|Issue date||15 December 2020|
|Date of effect||15 December 2020|
This ruling replaces PTA-021 (withdrawn) to address the decision in Nationwide Towing & Transport Pty Ltd & Ors v Commissioner of State Revenue  VSC 262. In that case, the Supreme Court of Victoria found that, contrary to PTA-021, the Commissioner of State Revenue (the Commissioner) does not need to be satisfied that a contractor conducts a genuine independent business in order for the exclusion under section 32(2)(b)(iv) of the Payroll Tax Act 2007 (the Act) to apply. This ruling removes that requirement and clarifies the application of this exclusion.
A contract between a principal and a contractor may be a ‘relevant contract’ under the contractor provisions in Division 7 of Part 3 of the Act.
If the contract is a relevant contract, the principal who engages the contractor is deemed to be an employer (section 33), the contractor is deemed to be an employee (section 34) and payments made under the contract for the performance of work are deemed to be wages (section 35). Deemed wages are wages (section 13(e)) and are taxable in Victoria if they meet the nexus provisions under section 11 of the Act. Taxable wages are subject to payroll tax (section 6).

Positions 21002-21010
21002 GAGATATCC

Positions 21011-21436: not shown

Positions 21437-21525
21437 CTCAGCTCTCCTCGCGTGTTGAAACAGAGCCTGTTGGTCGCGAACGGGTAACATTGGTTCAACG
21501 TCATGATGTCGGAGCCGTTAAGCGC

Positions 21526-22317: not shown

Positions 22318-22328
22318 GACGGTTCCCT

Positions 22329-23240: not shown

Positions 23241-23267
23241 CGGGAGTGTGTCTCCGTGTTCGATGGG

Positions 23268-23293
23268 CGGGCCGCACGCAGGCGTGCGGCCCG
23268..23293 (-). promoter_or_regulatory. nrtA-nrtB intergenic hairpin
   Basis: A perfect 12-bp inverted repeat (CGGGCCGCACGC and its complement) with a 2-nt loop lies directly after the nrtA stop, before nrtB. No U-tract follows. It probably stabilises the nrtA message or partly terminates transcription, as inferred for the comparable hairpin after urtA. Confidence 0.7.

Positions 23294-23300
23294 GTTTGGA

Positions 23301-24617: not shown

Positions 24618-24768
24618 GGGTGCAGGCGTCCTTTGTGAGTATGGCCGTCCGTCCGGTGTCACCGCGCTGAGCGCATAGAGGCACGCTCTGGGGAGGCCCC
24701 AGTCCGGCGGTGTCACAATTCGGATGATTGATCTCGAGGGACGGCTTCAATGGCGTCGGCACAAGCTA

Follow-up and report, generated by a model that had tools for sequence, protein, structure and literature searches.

While most contracts for the provision of services come within the meaning of ‘relevant contract’ under section 32(1) of the Act, a contract is not a relevant contract if any of the exclusions under section 32(2) of the Act applies.
If a contract is not excluded under any of the exclusions under section 32(2)(b)(i) to (iii) of the Act, the exclusion in section 32(2)(b)(iv) of the Act may apply. Section 32(2)(b)(iv) of the Act provides that a contract is not a ‘relevant contract’ in relation to a financial year if the Commissioner is satisfied that the person who performed the services under the contract ordinarily performs services of that kind to the public generally in that financial year.